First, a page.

Art by CLAMP

Instead, I think the issue should be more about how so many people use these styles as a crutch and how and why it hinders their development as artists. If you’re only drawing as an unimportant hobby, and if you have no real desire to improve, then I guess it doesn’t really matter. But if drawing means something to you, and if you really want to get better, then it’s really imperative that you work on the fundamentals: it’s imperative that you draw real things, that you draw what you actually see.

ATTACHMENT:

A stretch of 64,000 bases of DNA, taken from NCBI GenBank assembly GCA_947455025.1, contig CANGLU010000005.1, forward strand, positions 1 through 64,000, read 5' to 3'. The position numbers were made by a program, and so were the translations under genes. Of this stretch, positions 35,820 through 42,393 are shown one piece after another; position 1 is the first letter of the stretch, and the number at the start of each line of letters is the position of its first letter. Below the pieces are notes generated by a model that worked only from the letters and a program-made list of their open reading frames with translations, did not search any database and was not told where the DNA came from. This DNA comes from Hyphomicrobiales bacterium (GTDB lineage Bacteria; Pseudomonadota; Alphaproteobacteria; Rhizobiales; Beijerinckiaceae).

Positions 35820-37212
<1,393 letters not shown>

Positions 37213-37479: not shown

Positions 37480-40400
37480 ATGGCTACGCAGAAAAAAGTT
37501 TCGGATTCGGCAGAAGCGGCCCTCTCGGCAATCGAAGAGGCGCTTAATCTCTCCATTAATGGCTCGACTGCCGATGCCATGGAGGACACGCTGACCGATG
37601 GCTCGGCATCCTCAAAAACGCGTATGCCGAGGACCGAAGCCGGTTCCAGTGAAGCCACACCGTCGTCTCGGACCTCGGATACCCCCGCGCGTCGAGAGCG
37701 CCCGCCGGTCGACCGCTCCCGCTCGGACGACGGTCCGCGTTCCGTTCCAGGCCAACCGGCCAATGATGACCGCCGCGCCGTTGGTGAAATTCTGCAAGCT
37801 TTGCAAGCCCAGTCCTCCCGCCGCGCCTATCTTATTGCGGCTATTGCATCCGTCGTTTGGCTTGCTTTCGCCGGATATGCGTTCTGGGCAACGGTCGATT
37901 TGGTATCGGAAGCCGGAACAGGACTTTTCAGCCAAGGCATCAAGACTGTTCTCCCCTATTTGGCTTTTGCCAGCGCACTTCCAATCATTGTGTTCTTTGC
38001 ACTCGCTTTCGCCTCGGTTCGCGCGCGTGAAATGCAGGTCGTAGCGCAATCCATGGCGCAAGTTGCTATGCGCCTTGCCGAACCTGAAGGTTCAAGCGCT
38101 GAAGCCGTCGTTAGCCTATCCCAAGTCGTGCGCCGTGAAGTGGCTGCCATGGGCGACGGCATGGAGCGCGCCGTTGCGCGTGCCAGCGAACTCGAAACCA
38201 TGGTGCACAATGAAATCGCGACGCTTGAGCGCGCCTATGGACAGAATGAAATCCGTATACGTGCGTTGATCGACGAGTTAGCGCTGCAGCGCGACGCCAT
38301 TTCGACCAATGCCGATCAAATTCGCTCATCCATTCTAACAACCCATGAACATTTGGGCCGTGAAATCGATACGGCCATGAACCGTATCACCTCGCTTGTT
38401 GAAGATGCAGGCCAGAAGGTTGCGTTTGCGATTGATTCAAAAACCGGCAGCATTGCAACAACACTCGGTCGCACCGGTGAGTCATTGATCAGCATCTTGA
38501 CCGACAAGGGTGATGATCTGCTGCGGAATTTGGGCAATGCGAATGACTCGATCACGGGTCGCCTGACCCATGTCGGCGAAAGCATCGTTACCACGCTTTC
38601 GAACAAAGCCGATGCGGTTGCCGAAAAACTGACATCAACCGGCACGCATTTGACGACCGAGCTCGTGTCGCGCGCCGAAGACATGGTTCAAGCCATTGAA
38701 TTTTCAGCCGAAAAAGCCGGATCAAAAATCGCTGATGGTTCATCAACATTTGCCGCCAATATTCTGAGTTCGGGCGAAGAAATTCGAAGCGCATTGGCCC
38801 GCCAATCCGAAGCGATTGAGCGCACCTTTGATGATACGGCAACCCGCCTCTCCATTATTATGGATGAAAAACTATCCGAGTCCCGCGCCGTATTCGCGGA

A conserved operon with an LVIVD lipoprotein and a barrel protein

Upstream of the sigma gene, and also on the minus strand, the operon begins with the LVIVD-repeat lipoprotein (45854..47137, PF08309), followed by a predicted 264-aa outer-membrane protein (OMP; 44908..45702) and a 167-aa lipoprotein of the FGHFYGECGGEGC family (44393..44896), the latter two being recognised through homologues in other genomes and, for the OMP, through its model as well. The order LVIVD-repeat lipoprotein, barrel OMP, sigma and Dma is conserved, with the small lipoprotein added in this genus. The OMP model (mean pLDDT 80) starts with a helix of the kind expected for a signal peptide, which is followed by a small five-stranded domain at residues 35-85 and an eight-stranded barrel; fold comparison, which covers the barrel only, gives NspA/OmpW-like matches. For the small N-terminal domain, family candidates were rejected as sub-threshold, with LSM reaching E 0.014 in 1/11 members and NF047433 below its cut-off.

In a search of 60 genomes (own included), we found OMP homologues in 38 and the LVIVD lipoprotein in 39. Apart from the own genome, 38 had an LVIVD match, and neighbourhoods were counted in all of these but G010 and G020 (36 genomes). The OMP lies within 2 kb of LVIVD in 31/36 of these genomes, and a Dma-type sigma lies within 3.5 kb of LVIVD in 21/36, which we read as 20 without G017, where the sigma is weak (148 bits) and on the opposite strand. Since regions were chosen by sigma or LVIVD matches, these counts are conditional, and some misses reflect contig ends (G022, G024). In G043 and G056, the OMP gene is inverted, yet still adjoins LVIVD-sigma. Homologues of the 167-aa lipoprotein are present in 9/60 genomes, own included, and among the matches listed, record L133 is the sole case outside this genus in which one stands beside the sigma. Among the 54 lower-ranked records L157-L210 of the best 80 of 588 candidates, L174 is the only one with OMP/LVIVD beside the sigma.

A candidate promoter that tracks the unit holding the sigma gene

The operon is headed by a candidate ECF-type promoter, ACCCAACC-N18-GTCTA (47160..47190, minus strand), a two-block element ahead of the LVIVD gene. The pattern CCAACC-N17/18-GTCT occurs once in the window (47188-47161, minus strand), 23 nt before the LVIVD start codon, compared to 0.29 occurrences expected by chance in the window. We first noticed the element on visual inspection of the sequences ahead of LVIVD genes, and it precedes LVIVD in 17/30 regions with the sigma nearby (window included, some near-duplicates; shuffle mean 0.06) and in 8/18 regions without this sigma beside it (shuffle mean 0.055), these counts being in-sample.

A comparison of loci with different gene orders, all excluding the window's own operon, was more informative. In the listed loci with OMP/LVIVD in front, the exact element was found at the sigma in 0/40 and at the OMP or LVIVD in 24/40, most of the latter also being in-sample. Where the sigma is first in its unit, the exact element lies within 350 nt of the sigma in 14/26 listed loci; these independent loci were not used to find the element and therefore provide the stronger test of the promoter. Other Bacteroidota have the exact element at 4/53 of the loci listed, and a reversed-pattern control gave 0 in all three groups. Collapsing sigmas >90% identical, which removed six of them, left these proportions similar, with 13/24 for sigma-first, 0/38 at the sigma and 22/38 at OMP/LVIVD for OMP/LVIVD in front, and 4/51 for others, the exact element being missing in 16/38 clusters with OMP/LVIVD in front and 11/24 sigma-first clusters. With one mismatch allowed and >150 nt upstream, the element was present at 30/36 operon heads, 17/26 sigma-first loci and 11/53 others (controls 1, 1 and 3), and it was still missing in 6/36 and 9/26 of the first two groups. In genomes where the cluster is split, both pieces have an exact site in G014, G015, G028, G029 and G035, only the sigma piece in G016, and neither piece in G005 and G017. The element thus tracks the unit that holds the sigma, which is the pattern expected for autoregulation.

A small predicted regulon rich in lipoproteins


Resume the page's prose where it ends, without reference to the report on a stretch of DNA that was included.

[View the rest of this entry…]

I hear this a lot: “I used to like such and such, but the fans ruined it for me.” And it bugs me every time I hear it; after all, why should the fans have anything to do with the actual series or game or whatever else? If you like it, then you will like it — I don’t understand why so many people give power to the masses by letting them affect their opinion of something. A series is not its fans, and the fans do not make the series. Sure, sometimes it might be annoying hearing fangirls and boys fawn over the various bishounen and moeblobs from your series of choice, if the only reason you decide to dislike those bishounen and moeblobs is because of the fans, then you’re not thinking for yourself anymore.